Rape and False Pretenses
The case of the Israeli Palestinian who was convicted of rape after falsely telling a Jewish woman that he too was Jewish has raised a lot of interesting questions. Some see it as further proof that Israel is a horribly racist society. Their logic goes something like this. 1) This bad thing that happened to a Palestinian man shows that Israel is racist. 2) Okay, fine, maybe he was a bit rapey. 3) But he wouldn’t have been prosecuted if he wasn’t a Palestinian man. We know this because of how racist Israel is. 4) For proof that Israel is racist, see step one. It’s circular. I’m not saying that Israel shouldn’t be criticized. It should. But let’s stick to the logically sound criticisms.
But this conviction does raise the issue of whether consent is really consent if it’s obtained through fraud. And what constitutes fraud?
The traditional example of rape under false pretenses would be the guy who falsely claims to be the long-lost husband returned from the war. We don’t see that one much. So let’s try a different problem.
Suppose somebody says, “I’ll give you $10,000” to have sex with me.” This is, of course, soliciting prostitution. It’s probably illegal where you live. But it’s not rape illegal.
The response: “Deal.” Again, prostitution. Not legal. But the ensuing sex is consensual.
Then, “Oh. I lied about the money.” Is this rape? Without taking a stance one way or another on whether we thing prostitution is a good thing, we can agree that if consent was only given in exchange for a promise of money and that promise was a lie, the consent is also insufficient. Rape. It may not be aggrevated rape—but it is rape.
We eventually get into a grey area. If two people who are “looking fun” and both agree that their favorite band is Metallica but one of them is lying, is whatever sex ensues rape? Probably not—unless that deception was somehow a material part of the other’s consent.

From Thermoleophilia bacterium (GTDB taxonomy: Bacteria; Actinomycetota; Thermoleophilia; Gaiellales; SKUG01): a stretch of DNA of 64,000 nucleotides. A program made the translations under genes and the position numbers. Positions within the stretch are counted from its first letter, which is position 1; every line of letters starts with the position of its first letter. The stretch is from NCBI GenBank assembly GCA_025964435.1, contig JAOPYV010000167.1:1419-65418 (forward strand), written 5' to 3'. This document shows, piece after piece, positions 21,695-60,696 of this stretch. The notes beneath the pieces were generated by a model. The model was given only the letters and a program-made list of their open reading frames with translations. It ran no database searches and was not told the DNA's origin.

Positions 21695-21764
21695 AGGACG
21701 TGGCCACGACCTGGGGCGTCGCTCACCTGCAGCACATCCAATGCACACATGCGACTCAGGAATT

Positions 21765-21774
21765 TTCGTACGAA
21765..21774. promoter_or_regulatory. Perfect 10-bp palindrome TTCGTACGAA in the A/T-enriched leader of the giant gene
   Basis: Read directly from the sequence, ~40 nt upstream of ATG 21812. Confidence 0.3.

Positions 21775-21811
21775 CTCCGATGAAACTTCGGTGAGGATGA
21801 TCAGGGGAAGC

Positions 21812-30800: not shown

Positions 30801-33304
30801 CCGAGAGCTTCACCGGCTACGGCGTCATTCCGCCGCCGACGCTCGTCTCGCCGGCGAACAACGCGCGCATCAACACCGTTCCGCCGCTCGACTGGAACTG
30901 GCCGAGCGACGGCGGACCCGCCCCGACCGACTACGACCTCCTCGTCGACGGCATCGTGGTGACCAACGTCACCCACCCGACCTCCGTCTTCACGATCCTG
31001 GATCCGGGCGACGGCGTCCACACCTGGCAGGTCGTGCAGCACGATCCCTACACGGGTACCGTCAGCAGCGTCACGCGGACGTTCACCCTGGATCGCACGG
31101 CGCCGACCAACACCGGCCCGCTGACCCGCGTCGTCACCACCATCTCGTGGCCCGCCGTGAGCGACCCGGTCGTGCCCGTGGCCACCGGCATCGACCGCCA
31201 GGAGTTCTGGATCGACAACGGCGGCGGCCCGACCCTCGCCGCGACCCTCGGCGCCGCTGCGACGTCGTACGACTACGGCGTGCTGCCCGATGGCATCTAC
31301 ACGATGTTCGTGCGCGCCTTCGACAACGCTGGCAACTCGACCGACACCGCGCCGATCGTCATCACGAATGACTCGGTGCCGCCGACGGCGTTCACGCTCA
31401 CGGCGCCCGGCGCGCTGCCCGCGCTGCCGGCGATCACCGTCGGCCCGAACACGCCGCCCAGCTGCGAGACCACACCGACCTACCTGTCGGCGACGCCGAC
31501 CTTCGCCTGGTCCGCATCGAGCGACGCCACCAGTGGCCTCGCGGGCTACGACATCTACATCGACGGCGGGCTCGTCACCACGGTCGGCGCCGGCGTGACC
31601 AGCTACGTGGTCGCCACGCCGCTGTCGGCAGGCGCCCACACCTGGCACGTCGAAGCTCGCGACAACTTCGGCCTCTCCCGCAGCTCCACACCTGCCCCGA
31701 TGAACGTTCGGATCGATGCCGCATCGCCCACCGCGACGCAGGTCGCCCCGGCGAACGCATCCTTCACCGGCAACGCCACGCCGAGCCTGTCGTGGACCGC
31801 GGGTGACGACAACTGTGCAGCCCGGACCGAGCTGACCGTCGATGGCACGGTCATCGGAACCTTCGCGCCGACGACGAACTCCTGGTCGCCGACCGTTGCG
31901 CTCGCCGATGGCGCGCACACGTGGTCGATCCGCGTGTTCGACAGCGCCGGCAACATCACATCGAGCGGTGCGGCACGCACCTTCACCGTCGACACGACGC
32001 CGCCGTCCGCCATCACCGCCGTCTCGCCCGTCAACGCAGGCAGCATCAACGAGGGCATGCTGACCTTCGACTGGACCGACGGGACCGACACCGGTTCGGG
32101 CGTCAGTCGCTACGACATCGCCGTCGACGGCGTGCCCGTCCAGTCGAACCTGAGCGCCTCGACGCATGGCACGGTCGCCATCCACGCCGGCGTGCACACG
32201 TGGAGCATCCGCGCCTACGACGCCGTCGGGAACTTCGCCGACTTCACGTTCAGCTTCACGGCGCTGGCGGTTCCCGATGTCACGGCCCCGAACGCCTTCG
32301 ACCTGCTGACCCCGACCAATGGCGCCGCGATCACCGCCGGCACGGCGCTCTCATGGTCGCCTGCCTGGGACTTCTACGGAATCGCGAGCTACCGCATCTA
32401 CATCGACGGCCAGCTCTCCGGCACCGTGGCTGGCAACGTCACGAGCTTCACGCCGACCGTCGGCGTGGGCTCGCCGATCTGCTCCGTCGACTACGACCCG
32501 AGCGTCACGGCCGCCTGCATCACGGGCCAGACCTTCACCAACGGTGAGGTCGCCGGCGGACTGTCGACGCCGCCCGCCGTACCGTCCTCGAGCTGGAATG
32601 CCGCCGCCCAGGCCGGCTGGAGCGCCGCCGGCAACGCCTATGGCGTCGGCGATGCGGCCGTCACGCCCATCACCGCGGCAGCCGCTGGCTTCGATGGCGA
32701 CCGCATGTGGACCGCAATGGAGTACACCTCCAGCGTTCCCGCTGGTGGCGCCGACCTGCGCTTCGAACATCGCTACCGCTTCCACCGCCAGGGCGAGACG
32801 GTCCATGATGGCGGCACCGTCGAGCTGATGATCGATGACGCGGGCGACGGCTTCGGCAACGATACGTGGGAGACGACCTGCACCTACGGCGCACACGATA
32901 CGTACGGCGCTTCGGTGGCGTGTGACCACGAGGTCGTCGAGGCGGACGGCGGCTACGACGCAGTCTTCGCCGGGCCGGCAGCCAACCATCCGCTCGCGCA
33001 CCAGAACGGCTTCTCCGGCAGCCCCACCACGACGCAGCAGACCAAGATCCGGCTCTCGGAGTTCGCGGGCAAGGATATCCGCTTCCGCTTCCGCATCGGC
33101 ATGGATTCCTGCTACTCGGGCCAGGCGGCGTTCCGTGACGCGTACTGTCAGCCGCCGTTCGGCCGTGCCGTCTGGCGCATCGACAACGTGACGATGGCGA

But that’s not what happened in the Israel case. A man claimed to be a Jewish man looking for a serious relationship. This meshed well with the woman who was looking for a Jewish man looking for a serious relationship. And, unless we want to spend time speculating about the virtue or judgment of the woman in question, we need to take her at her word. Shared experience and beliefs are an important element of relationships.
We can use the same standards for rape through fraud as we use for normal rape. The statements must be false and known to be false by the speaker. They must be material and intented to be relied upon by the victim. And the victim must be unaware that the statements are false and reasonably rely upon the false statements.
This is the spot where people normally object. The objection is usually something like, “Hold on. Are you saying I can’t lie to women to get them to sleep with me? Not that I do that because I’m a nice guy. It’s just that some, uh, other guys do it. And I’m all in favor of not defrauding people into sex—but I’m even more into having sex. And wouldn’t this chill my ability to tell lies that aren’t all that fraudulent to people I want to sleep with?”
Yes. There’s a chance it would. And if being asked to tell the truth to people you’re sleepign with is mucking up your game, I’ve got an extra ticket to go see the world’s smallest violin played by the world’s weepiest puppy. Perhaps that will help you get over it.